Why Drummond? Why at that time?

Why Taybor Pepper, with his one bad snap of the year last week when MSU decided not to go for it on fourth-and-two, and instead punt, in hopes of pinning Nebraska deep in the final minutes. But the bad snap led to a bad punt and gave Nebraska good field position for its game-winning TD drive, benefitting from a bad pass interference call. By the way, that fourth-and-two should have been a fourth-and-one were it not for a bad spot by the officials. If it had been fourth-and-one, Dantonio says he would have gone for it.

Just one of those years.

But if the Spartans had gone for it last week against Nebraska on fourth-and-one, and decided to control their own destiny on offense, would MSU have gotten stuffed anyway? True, it's been "that type of year" for MSU in the fact that officiating has hastened their failures. But if MSU had gotten a good spot and gone for it on fourth down, would the Spartans still have managed to find a way to beat themselves anyway? Maybe false started on fourth-and-one? I'm thinking yes. And deep down, I suspect that the players are expecting to err, too.

If Darqueze Dennard hadn't been flagged for pass interference last week and Nebraska had been forced to kick a field goal and force overtime, would MSU have just waited until the extra session for one final self-inflicted wound to help Nebraska win?

If Dennard and finished an interception in the end zone in overtime against Iowa instead of dropping it, would it have made any difference? If MSU had the ball and a chance to win in the bottom frame of overtime against Iowa with a field goal, would MSU still have found a way to mess it up? Maybe a holding call to take them out of field goal range? Or a fumbled handoff?

Again, I fear the answer is yes. And it has very little to do with MSU's football playing ability, or their talent. There is a mental component to these failures.

When compiled together, these errors smell of a larger problem which is difficult to define at this point. There appears to be a lack of on-field focus, lack of discipline. Not all the time. A team can't enjoy the defensive statistical success MSU had had this year without loads of play-to-play discipline. But as a team, they just don't have enough to finish. A culture of winning is starting to erode. All the more reason to finish this week, win this last game, and begin again when the calendar flips to December.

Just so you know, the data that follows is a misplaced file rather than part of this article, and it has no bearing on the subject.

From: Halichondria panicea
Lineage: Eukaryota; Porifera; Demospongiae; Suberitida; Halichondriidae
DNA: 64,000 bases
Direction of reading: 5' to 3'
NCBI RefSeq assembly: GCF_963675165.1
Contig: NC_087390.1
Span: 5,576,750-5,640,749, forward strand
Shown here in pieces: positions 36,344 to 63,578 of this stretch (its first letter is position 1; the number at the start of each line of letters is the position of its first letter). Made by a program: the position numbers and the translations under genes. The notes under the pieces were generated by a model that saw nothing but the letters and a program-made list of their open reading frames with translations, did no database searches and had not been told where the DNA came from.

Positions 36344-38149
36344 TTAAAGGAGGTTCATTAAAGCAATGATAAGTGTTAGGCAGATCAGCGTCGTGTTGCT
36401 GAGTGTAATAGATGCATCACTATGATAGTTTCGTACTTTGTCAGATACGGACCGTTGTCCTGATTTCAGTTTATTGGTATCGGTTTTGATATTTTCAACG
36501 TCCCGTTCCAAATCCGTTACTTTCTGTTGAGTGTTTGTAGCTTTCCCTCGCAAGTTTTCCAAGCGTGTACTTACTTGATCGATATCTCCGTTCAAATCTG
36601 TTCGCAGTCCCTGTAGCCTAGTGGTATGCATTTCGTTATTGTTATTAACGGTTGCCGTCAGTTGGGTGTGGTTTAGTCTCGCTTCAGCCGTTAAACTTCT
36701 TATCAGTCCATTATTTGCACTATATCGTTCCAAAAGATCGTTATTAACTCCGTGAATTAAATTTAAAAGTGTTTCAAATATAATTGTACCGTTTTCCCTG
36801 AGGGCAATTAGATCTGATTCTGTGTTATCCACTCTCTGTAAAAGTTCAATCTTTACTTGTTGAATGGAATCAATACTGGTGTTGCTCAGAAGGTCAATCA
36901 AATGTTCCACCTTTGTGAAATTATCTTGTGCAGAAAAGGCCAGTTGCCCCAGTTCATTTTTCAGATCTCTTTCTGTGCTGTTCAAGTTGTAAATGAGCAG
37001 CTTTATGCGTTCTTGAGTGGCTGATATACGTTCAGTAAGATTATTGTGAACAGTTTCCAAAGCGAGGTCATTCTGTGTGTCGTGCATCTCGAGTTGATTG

Okay, I'll Go There

A very good team would be able to overcome the witch's brew of bad breaks MSU has endured this year. But a merely competitive team - such as the 2012 Spartans - isn't good enough to overcome them.

I've counted seven or eight ridiculously bad or inconsistent officiating calls that have gone against Michigan State this year. If you've watched MSU this year, you know the ones I'm talking about. I don't even have to list them.

Is it even worth mentioning that Bell's third-down run in the third quarter should have been ruled a touchdown? Instead, MSU turned it over on downs on the next snap.

Meanwhile, has MSU benefited from even one bad call this year? When are the football gods going to even this stuff out for the Spartans? And when is Jim Delaney going to send some of these officials back to the WWE?

MSU benefited from a holding call which negated an Iowa kickoff return on Oct. 13. And there was a holding call which nullified a Wisconsin touchdown on Oct. 27. Both were good, proper calls. And I'm here citing officials for actually SEEING a penalty and getting a call correct which happened to help Michigan State. These weren't lucky calls for MSU. They were good calls. Two of them. You got them right, refs. Bravo. So rare this year.

MSU has lost games by 1, 3, 2, 4 and 3 points. MSU has been bad at times. But so have the officials. If the officials had had a good year of officiating in MSU games, what would MSU's record be? It would be better, I'll tell you that. And the bowl bid would already be wrapped up.